(ORDO NEWS) — In front of you is the south pole of Enceladus, the satellite of Saturn, on the icy surface of which four long dark blue faults are visible, called “tiger stripes”.
The length of each tiger stripe is approximately 130 kilometers, and the average distance between them is 35 kilometers. These are very large formations for a satellite with a diameter of 504.2 kilometers.
The image was conscious based on data received by NASA‘s Cassini spacecraft on July 14, 2005, from a distance of about 58,000 kilometers.
As it rotates around Saturn, Enceladus, which hides a liquid ocean under an icy “shell”, is affected by tidal forces that compress and heat it.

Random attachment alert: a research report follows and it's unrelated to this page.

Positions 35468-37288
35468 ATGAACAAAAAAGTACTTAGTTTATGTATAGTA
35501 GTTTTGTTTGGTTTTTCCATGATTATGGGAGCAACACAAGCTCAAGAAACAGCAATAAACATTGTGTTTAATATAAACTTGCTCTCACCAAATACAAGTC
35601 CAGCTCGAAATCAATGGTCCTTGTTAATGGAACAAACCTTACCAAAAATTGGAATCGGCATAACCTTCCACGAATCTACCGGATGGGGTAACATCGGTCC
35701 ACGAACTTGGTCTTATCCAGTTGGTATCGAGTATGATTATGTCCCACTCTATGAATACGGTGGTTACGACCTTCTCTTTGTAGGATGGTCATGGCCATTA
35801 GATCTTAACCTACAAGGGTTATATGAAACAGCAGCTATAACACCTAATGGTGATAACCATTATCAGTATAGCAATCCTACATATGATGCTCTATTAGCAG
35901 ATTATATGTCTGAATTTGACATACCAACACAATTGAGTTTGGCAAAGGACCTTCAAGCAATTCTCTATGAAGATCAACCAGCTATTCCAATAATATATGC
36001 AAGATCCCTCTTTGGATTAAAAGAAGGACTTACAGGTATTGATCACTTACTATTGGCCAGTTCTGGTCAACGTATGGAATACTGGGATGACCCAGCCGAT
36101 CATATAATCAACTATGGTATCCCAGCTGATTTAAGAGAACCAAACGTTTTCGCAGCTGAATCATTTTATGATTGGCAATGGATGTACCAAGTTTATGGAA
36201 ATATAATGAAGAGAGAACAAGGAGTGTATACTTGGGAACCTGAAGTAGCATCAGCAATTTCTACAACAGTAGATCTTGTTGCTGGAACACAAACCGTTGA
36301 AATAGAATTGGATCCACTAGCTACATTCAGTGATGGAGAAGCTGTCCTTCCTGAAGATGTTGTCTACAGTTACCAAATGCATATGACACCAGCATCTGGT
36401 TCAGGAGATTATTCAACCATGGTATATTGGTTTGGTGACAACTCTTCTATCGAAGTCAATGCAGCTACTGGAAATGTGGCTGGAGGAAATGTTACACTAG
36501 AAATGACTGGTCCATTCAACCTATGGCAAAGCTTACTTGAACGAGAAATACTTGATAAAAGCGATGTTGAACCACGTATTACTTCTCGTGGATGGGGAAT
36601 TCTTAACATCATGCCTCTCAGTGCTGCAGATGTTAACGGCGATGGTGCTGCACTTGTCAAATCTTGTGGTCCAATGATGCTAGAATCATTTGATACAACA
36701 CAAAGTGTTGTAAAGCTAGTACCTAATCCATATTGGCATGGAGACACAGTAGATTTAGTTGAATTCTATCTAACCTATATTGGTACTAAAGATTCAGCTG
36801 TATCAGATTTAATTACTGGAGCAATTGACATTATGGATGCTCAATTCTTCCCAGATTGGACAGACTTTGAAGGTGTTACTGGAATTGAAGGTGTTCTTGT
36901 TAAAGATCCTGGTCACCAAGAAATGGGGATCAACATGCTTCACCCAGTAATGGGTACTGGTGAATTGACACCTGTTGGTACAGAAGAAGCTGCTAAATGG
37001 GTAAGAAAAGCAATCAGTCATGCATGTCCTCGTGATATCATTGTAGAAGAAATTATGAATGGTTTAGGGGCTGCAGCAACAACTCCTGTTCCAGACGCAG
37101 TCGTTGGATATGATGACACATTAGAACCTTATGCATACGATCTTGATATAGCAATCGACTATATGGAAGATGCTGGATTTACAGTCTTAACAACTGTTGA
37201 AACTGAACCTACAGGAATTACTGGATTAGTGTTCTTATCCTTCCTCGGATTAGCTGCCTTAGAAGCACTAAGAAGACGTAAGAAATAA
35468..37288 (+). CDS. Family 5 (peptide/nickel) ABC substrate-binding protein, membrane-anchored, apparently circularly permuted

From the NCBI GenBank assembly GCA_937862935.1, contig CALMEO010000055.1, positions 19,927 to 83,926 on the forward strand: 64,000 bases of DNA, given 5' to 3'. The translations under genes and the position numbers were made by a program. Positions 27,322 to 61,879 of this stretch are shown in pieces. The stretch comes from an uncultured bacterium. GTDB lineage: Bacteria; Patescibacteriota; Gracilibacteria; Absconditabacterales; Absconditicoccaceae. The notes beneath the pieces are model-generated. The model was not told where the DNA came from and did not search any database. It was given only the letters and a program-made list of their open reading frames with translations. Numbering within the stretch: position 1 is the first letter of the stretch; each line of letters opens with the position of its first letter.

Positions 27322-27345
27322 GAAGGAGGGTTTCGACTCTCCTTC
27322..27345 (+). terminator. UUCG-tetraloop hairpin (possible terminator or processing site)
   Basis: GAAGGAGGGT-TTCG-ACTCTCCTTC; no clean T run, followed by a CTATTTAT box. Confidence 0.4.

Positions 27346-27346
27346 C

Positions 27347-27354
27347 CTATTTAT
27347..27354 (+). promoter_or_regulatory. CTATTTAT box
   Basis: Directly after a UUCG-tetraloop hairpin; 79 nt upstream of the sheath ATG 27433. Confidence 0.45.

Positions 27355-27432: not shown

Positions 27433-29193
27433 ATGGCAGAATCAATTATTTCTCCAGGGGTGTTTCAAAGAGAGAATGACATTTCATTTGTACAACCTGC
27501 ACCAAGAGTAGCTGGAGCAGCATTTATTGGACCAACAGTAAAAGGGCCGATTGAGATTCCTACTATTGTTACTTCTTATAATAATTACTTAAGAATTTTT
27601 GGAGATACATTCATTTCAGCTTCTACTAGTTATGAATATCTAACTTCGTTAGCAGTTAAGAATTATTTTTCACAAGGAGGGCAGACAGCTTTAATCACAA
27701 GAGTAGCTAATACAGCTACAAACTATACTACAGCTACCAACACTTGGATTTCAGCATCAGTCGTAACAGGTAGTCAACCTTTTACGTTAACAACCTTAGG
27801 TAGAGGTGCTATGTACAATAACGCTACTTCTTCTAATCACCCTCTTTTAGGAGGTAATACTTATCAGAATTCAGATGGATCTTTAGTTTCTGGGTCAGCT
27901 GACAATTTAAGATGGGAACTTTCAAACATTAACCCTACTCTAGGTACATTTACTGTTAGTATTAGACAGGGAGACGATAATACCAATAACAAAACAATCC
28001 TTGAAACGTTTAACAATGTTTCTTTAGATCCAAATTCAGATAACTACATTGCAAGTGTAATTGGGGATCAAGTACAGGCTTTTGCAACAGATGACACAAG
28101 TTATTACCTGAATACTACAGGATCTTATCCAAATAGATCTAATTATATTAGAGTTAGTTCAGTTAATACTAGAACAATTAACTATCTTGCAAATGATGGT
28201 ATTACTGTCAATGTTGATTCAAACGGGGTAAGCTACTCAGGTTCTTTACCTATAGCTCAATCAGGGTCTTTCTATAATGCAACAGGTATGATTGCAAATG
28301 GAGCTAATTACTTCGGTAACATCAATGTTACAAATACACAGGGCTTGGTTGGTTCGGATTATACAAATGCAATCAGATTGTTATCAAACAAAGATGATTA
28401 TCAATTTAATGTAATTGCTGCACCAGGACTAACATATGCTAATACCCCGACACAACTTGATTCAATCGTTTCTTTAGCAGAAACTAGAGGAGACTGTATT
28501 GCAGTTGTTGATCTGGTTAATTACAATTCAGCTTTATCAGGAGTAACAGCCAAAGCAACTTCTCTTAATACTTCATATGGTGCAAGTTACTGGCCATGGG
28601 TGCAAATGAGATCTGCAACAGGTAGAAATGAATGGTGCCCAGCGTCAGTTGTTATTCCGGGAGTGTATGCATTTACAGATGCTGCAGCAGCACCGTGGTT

At the moment of compression, the stress builds up and the water seeks its way outward towards the thin, crack-prone poles.
It so happened that the south pole turned out to be the most vulnerable, the appearance of cracks on which weakens the ice pressure, protecting the north pole from the appearance of tiger stripes.
In other words, the tiger stripes are long and deep fissures through which water seeps periodically and freezes, forming dark blue “scars”.
It is worth noting that in some places water does not just seep, but “spit out” into outer space.
Cassini, flying through one of these water plumes, detected the presence of complex organics. This suggested that the subglacial ocean of Enceladus could be habitable.
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